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Entered at the Postofice at Ms
Appelt & Shol
Subscription Rates $2.(
MANNING, S. C., WEDI
OPEN6 IN FLORENCE
Much Interest Shown in Co-opera
TIMMONSVIIE IS SOLID
Bankers Spend Day Touring Country
For New Members for
Florence, June 27.-"''ohacco which
would have sold withotu the pool from
one to three ce.nts a pound in Ken
tucky will bring at least twenty cents
a pound when redried by the Burley
Association at a large profit to the
farmer," said John Bell, Kentucky
speaker, at. the meeting of tobacco
farmers and business men in the
court house at Florence today.
Mr. Bell, who stated that Ken
tucky growers have already drawn
over nineteen million dollars, was fol
lowed by B' icrht Williamson, president
of the Bank of Darlington, and vice
president of the association, who
strongly endorses the statements of
the Kentuci:m an'- t:t'd his belief
that. the orderly marketing and grad
ual distribution of payments to to
bacco farmers would insure greater
prosperity for growers, bankers and
merchants in South Carolina.
Stating that the warehouse costs
for tobacco handled through the
Burley pool were slightly more than
twenty cents a hundred pounds; that
the total expense of handling the
growers' tobacco through the Ken
tucky association would not exceed
fifty cents a hundred pounds, the
Kentucky member of the Burley
Growers' Association compared these
charges to the costs of selling tobacco
for charges of one to one and a quar
ter dollars over the loose leaf floors.
That Florence county is thor
oughly stirred by the whirlwind cam
paign is further attested by the fact
that bankers from .every harnk and
prominent merchants of Timmons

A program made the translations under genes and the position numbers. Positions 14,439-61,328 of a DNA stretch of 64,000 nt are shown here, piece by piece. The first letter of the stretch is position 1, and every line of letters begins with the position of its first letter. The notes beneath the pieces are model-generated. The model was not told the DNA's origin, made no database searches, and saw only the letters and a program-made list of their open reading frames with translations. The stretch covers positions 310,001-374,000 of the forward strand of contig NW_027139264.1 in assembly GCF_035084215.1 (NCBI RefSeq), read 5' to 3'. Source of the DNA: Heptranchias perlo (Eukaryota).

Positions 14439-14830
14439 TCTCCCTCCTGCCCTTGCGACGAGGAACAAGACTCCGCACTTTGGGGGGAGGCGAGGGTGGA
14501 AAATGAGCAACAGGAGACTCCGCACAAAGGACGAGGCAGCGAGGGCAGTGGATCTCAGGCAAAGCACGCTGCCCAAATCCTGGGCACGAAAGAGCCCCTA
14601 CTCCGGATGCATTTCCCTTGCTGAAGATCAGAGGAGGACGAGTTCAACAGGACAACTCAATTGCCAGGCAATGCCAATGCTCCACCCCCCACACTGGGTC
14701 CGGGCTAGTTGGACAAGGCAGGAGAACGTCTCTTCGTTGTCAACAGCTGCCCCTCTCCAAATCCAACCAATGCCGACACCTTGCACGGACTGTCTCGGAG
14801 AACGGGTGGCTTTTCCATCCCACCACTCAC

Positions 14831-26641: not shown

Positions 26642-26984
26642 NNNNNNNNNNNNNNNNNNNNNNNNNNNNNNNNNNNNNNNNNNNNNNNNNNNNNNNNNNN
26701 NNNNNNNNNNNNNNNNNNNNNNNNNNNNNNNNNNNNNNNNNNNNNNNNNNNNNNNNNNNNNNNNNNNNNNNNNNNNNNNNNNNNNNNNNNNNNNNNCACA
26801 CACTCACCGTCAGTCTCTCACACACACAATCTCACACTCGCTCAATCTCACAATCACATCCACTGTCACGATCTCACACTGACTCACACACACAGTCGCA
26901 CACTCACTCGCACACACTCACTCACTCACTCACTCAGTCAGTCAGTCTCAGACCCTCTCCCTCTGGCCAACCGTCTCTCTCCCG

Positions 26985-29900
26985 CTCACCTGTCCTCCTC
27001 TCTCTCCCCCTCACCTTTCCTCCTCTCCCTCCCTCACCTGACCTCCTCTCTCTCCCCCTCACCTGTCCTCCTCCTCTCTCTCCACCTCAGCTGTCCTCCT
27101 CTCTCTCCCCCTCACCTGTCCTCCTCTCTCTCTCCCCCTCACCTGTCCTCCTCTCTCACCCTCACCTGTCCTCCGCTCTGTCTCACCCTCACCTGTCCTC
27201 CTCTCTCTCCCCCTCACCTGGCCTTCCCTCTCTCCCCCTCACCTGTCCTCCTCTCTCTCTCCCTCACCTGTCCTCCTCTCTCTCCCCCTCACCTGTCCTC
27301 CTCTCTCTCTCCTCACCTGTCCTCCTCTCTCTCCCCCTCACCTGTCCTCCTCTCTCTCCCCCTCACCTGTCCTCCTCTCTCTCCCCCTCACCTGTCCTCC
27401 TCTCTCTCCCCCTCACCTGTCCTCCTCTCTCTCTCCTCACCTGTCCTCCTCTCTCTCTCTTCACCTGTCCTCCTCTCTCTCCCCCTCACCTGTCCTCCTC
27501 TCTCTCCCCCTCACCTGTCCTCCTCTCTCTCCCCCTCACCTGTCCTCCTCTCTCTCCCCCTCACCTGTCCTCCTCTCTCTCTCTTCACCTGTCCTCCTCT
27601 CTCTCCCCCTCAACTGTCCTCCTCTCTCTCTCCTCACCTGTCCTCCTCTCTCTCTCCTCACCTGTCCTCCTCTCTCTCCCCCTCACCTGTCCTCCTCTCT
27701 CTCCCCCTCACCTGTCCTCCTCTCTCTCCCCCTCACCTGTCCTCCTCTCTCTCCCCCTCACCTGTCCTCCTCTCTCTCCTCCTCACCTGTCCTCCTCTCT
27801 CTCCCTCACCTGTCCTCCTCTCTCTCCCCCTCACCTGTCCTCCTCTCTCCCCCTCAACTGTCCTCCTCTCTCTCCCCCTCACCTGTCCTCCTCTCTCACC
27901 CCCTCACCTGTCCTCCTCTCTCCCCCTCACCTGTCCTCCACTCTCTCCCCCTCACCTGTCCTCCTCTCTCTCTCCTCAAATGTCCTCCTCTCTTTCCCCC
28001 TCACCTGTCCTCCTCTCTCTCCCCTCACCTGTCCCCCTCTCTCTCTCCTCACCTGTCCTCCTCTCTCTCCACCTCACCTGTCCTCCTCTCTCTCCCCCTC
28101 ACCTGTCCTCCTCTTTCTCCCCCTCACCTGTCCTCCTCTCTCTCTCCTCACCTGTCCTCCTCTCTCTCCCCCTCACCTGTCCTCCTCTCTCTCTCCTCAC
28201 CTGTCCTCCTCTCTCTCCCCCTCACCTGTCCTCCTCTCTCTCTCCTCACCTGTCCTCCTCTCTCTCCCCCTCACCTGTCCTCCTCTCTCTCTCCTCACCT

villc have spent the day touring the
county for new members for the as
sociation, enlisting the aid of'Southall
l'aarat, district agent of extension
from Virginia, who arrived this nMorn
ing for his speaking tour of the South
Tim monsville, after buying up a
market for twenty years with such
success that it has recently ranked
second and third in the State has
gone 100t per cent co-operative, hav
ing turned over its four big ware
houses to the Tobacco Growers Go
operative Association, confident in its
C. Ray Somitht, prom intent merchant
of Timimonsv il le, reported today that
the ho use to house canvass of mner
ebmant s anod ban ke:-s is mecetinog wvith
n.uccess. Mr. SmitI said that
although Timmionsville has hithert~o
drawn solidl carloads of tobacco from
G;eorg ia and( large quatiities of the
weed tromt other sections it is going
the li mit for co-operative marketing
in spite of temporary sacrifice.
All Ihands Husy
Twenty automobiles will go out.
from Timmnontsville tomtorrow~ andI
every store will close next 'FThursday
when the farmers of lFlorence counmmty
gamther their for the mieetintg of theI
tobhateo association and the ha rbiece
which t h reate s hmea vy casualt-ies
amontg the little pirs of the enitire
Vice pre'iden. le.; ph M. Il urt, of
t he t obacco assoi a tioni, ex-pres idlet
of the Vitginii Bankers' Asstociat itn
,Johni Bell, represutnt ing the Kentutctky
Biurley grower in andl other officers otf
We carry a comp
Celebr ated Wolse
JOS. S. D
nning as Second-Class Matter.
0 per year in Advance
IESDAY, JUNE 28, 1922
the association were the guests of the
business men of Florence at a lun
cheon today, where the merchants and
bankers of the city heard from the
Virginia vice p'esiden. how the thirty
million dollar loan for the association
was obtained last week :n Washing
Heavy receipts of contracts at
Florence headquarters of th' associa
tion today marked the successful be
ginning of the campaign which to
morrow reaches Dillon, Lake City,
Darlington, Conway, Johnsonville and
OPPOlRTUNITY TO ENTER
CLEMSON COLLEGE NOW
The attention of young men inter
terested in a technical education is
directed to the Clemson scholarship
announcement appearing elsewhere
in this issue.
Clarendon County is entitled to 4
four-year scholarships and 1 one-year
scholarship. Last session the follow
ing young men from this county were
at Clemson on scholarships: Hiarvin,
.J. L., E. ). Plowden, and J. H. Tim